Cirque du Soleil: La Nouba

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(Check out some of our previous adventures with Cirque du Soleil: Dralion, Varekai, and our tour of International Headquarters in Montreal.)

La Nouba was the first Cirque du Soleil show I ever saw. Since I’ve now seen more than 10 different Cirque shows, I guess you could say this is the one that made me a fan. I recently had the chance to see the show again, and it didn’t disappoint.

La Nouba premiered in Orlando in 1998 and was the third resident show created (Mystère and O in Las Vegas were the first two). The theater it calls home (on Downtown Disney’s West Side at the Walt Disney World Resort) was the first freestanding, permanent structure built for Cirque du Soleil, and Walt Disney Imagineering was involved in its design and construction.

Despite what many think, though, La Nouba is not owned or operated by Disney. Downtown Disney is its home, and it’s certainly a major draw to the area, but it’s not part of the larger Walt Disney World Resort. In other words, don’t expect Mickey and Goofy to be part of the highwire act.

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Since this is a resident (as opposed to a traveling) show, the stage, scenery, and effects are naturally more impressive than in other shows. Since the whole shebang doesn’t need to get taken down and moved to a different city every few days, the designers were free to indulge their imaginations and create an immersive performance that dazzles with some good old-fashioned stage magic.

From the first scene, La Nouba is a feast for the eyes. The stage is massive and towers 75 feet over the audience. Elevators are built into the stage floor to deliver performers and provide a bit of visual spice to the show. There are also retractable “doors” built into the stage that reveal trampolines and trap doors.

Towers on either side of the stage and a 60-foot rock structure along the back open up the stage even more and make the entire thing feel even more massive.

(By contrast, check out our backstage tour of Dralion to see how much work is involved with setting up and tearing down a traveling show. There’s a reason they have relatively “simple” stage design.)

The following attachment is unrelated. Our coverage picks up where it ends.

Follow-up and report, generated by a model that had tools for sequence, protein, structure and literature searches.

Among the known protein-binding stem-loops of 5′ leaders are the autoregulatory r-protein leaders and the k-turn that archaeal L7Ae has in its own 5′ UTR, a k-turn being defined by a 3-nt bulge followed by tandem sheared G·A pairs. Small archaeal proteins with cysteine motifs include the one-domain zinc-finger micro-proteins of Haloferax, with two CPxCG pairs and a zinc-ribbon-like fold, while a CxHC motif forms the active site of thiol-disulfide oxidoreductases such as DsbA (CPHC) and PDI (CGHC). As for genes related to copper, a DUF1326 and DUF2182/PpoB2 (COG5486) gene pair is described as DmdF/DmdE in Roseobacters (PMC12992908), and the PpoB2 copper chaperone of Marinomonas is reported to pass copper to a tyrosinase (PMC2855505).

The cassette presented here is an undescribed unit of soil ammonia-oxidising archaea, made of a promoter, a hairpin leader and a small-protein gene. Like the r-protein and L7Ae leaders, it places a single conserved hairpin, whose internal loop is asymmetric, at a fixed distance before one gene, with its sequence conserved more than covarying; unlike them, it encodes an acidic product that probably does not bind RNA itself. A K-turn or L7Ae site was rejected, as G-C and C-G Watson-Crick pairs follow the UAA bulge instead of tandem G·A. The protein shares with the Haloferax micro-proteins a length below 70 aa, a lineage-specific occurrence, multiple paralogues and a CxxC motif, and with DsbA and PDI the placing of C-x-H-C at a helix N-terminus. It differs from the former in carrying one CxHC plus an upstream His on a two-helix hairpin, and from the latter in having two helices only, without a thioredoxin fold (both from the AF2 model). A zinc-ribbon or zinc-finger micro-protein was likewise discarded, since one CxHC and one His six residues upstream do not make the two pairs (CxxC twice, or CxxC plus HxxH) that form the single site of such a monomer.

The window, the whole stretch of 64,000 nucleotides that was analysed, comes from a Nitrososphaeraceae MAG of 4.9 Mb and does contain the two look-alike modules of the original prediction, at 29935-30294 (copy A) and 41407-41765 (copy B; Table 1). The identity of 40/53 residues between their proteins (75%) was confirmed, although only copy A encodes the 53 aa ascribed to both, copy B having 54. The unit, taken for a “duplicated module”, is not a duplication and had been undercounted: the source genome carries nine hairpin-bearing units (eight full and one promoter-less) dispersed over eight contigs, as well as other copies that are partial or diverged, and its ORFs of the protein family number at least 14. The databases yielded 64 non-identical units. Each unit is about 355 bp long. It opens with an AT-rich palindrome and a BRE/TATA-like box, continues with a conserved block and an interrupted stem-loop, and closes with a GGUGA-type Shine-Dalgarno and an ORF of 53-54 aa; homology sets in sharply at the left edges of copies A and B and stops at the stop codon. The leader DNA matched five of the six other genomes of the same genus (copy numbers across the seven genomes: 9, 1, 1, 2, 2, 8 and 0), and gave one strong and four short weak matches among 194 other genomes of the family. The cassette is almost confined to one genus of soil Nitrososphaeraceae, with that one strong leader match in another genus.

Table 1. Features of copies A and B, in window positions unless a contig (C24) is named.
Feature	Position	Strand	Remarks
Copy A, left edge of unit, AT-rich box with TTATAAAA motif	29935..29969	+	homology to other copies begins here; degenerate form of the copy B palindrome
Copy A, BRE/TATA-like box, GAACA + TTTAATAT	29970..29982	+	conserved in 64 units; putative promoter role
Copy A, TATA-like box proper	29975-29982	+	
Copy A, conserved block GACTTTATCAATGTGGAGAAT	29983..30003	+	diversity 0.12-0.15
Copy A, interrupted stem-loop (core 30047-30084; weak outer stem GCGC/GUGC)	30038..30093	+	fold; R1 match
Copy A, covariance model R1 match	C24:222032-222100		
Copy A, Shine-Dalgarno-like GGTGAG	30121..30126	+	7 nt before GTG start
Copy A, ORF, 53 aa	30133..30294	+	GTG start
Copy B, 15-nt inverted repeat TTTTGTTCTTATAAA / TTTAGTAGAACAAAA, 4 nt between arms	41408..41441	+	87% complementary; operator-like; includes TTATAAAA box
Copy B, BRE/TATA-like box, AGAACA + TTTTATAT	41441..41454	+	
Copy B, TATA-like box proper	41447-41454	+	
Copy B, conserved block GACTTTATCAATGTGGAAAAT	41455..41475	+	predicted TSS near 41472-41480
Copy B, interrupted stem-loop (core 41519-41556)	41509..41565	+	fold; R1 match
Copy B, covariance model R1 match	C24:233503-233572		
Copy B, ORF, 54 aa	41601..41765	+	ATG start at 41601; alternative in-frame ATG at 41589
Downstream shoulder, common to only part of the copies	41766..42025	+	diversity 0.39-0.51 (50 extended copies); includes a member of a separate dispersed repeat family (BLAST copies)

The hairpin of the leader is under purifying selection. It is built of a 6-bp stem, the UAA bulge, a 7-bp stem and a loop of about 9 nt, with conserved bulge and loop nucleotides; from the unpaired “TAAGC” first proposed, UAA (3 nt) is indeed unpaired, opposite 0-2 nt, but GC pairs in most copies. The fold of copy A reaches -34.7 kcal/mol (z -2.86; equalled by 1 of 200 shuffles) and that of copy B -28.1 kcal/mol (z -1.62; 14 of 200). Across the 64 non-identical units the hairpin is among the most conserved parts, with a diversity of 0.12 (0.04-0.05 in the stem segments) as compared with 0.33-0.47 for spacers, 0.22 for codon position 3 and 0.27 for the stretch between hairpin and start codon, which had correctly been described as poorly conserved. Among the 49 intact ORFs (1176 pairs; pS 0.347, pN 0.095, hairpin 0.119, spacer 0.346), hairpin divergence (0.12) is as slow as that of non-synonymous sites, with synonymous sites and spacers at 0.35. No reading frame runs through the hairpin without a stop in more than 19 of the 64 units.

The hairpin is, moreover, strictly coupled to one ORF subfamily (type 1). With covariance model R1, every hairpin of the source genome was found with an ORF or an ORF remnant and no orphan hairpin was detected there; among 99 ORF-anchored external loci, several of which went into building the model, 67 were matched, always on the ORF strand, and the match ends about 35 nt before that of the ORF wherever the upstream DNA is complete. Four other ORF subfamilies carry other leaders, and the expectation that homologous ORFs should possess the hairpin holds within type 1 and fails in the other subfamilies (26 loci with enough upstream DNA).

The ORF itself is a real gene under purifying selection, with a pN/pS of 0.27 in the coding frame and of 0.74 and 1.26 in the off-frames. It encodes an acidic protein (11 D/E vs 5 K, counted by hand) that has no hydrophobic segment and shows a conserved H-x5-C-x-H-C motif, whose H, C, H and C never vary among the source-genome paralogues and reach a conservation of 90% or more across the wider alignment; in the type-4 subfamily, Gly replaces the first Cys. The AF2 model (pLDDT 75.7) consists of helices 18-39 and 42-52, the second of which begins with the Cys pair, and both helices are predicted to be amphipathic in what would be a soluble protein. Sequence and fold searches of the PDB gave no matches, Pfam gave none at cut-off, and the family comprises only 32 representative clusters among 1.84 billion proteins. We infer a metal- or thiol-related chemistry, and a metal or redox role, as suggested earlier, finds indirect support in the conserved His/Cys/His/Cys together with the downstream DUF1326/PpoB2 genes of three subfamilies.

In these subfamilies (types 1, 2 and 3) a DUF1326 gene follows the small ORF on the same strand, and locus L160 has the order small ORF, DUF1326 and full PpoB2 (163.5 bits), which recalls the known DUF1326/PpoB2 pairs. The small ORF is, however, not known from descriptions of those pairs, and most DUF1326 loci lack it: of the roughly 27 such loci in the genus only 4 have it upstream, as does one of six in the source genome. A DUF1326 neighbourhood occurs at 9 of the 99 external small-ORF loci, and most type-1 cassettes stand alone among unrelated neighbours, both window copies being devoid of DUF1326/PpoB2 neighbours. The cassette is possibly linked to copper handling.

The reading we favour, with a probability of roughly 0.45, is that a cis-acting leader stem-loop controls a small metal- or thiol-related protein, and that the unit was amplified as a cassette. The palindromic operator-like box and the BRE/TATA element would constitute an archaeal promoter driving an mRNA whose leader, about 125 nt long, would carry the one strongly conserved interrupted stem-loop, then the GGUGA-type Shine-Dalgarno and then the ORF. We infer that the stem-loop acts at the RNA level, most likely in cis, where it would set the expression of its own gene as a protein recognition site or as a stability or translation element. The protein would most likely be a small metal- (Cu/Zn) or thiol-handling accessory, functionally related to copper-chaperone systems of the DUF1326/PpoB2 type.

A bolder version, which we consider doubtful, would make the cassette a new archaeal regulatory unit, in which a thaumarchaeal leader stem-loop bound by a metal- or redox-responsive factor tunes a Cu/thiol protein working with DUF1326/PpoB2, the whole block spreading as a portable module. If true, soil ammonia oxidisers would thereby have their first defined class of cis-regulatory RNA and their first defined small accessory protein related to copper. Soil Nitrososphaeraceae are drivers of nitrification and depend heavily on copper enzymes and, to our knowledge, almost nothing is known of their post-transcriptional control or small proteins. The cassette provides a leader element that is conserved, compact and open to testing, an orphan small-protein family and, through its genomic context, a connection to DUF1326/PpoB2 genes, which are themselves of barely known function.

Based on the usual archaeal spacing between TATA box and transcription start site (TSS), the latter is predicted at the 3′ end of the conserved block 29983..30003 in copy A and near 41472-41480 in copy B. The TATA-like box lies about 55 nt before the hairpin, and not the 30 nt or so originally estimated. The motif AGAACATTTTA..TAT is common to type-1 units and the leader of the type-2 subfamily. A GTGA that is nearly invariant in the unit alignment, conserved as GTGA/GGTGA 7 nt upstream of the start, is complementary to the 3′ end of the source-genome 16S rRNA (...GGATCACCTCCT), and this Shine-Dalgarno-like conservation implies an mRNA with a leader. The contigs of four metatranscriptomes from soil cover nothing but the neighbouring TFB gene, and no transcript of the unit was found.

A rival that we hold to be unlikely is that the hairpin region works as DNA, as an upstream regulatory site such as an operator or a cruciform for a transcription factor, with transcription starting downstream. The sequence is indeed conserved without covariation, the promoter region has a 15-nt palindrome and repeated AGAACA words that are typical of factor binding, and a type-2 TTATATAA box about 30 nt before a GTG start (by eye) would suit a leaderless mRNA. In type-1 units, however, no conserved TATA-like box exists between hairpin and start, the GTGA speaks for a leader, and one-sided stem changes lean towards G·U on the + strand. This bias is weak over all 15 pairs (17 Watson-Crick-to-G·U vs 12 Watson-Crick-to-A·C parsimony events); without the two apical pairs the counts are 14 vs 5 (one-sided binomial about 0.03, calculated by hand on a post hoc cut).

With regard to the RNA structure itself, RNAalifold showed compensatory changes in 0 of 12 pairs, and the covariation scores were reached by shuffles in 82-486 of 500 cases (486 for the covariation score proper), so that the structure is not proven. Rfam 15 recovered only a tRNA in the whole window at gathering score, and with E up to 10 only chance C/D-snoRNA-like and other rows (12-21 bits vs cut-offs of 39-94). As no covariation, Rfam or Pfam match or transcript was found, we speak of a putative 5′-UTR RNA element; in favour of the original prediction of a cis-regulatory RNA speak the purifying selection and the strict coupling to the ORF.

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With such an impressively massive space to fill, there is a real danger that the performers on stage could be dwarfed by their surroundings and “disappear.” With that in mind, there’s never a dull moment on stage. This is a 90-minute show without an intermission, and there are always people on stage.

There might be rows of people marching around the stage, small groups of performers lounging along the periphery of the stage, a few people hanging out in the towers or in hidden nooks and crannies of the rock wall, or a group of performers randomly floating through the air.

It’s a very busy show with a very large cast. Surprisingly, much of that cast is relegated to these supporting (space-filling) roles, and they never even have a main act in the show!

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But the main acts are, of course, incredibly entertaining. Unlike other resident shows with jaw-dropping acts that simply couldn’t be replicated in another theater (I’m looking at you,  and O), the acts in La Nouba are mostly traditional circus acts…with the expected Cirque du Soleil flair.

There’s a juggler, a jumprope routine, a flying trapeze, a highwire act, trick cyclists, an aerial ballet, a diabolo routine, and a finale trampoline act to top it all off. The acts in La Nouba could easily be performed on the road in a smaller theater (in fact, many of them do appear in traveling shows), but the spectacle of the stage and setting is what sets this show apart.

And let’s face it, since it’s housed at Walt Disney World, La Nouba will likely be many people’s first (and possibly only) exposure to Cirque du Soleil. With that in mind, it’s certainly a great introduction to what Cirque can do.

La Nouba may not have obvious ambition to shoot for the moon, but it still manages to get there.

If you’re visiting Walt Disney World or are in the Orlando area, I highly recommend an evening with Cirque du Soleil. Tickets are available here. Keep in mind that the theater is dark (i.e., there are no shows) on Sundays and Mondays.

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